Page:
Objectives: Vancomycin-intermediate Staphylococcus aureus (VISA) is associated with genetic changes that may also impact upon pathogenicity. In the current study, we compared the virulence of clinical VISA strains with their isogenic vancomycin-susceptible progenitors (VSSA). Methods: Production of the critical virulence protein, α toxin, was assessed using Western blot analysis and was correlated to agr activity using a bioluminescent agr-reporter. Cytotoxicity and intracellular persistence were compared ex vivo for VSSA and VISA within non-professional phagocytes (NPP). Virulence and host immune responses were further explored in vivo using a murine model of bacteraemia. Results: VISA isolates produced up to 20-fold less α toxin compared with VSSA, and this was corroborated by either loss of agr activity due to agr mutation, or altered agr activity in the absence of mutation. VISA were less cytotoxic towards NPP and were associated with enhanced intracellular persistence, suggesting that NPP may act as a reservoir for VISA. Infection with VSSA strains produced higher mortality in a murine bacteraemia model (≥90% 7-day mortality) compared with infection with VISA isolates (20% to 50%, p <0.001). Mice infected with VISA produced a dampened immune response (4.6-fold reduction in interleukin-6, p <0.001) and persistent organ bacterial growth was observed for VISA strains out to 7 days. Conclusions: These findings highlight the remarkable adaptability of S. aureus, whereby, in addition to having reduced antibiotic susceptibility, VISA alter the expression of pathogenic factors to circumvent the host immune response to favour persistent infection over acute virulence.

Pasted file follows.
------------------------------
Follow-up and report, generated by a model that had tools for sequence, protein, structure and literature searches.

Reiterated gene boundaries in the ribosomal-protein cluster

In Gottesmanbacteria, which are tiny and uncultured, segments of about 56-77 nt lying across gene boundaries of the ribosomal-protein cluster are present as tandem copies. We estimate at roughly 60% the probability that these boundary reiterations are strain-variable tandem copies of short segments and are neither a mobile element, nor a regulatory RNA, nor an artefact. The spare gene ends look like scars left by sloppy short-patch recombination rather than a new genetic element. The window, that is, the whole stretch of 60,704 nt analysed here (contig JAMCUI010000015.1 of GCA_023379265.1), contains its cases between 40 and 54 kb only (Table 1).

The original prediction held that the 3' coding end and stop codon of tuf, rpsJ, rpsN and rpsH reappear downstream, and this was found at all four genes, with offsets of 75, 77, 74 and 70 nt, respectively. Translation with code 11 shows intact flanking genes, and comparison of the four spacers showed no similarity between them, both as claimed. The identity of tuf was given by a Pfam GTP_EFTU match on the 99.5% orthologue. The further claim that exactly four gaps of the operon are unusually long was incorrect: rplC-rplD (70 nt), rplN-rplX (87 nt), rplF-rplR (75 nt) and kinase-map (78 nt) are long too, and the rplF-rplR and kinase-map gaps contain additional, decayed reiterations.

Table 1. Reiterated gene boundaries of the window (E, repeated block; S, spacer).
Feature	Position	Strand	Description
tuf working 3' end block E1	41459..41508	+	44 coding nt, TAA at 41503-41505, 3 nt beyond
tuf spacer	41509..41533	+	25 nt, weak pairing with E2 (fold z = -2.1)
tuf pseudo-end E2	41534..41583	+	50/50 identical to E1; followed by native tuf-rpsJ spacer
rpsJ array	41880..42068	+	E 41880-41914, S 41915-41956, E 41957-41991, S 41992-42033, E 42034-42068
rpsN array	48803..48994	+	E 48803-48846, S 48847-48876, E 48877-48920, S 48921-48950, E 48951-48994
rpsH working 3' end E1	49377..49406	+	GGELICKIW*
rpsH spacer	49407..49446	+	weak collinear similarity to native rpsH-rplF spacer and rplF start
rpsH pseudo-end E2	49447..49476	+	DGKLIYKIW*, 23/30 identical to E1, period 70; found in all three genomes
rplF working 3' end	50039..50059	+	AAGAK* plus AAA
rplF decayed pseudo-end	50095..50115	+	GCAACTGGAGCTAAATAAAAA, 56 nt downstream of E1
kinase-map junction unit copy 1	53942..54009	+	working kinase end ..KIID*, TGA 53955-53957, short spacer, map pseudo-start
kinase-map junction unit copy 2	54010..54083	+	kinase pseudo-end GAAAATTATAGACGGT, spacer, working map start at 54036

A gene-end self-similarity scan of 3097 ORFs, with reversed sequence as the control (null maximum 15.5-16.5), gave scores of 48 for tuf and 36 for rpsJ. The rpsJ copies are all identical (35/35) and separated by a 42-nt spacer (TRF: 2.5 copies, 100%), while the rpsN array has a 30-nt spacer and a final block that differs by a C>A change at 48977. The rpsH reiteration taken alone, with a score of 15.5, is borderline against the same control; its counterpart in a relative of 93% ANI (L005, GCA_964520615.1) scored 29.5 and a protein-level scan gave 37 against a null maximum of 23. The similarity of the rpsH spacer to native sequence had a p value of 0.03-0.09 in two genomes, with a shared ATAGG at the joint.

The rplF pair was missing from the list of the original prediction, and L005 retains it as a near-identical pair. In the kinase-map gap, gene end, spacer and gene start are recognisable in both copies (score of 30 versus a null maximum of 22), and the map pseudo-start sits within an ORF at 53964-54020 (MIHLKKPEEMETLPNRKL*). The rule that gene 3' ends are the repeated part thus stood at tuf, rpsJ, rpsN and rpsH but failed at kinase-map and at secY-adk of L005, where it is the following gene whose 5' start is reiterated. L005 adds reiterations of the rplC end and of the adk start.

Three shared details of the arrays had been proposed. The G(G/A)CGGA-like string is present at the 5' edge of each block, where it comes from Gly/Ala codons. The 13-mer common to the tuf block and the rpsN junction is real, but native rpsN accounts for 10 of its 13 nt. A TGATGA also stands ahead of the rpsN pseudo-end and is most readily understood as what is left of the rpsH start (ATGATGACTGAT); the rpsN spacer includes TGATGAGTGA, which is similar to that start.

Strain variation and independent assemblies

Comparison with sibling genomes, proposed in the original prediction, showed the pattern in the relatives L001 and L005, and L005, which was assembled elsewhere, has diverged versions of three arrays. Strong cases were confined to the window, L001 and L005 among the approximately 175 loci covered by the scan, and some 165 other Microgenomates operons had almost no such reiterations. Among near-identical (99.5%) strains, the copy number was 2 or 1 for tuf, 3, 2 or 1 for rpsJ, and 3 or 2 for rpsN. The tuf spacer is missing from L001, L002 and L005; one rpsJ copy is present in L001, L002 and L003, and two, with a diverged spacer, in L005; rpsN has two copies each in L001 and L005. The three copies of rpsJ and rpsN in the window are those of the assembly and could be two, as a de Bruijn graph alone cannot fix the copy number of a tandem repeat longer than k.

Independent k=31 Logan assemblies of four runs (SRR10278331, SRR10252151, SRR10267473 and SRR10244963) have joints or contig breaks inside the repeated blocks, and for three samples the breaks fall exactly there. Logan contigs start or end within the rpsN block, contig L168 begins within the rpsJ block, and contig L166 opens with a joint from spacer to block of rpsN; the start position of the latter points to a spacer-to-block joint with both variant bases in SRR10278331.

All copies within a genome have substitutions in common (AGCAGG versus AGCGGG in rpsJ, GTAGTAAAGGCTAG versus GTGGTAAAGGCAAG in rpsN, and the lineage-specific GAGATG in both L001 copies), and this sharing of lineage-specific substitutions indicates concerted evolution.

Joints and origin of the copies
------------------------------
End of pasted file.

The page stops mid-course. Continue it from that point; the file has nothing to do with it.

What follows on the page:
- Accessory gene regulator
- Staphylococcus aureus
- Vancomycin-intermediate Staphylococcus aureus
- α toxin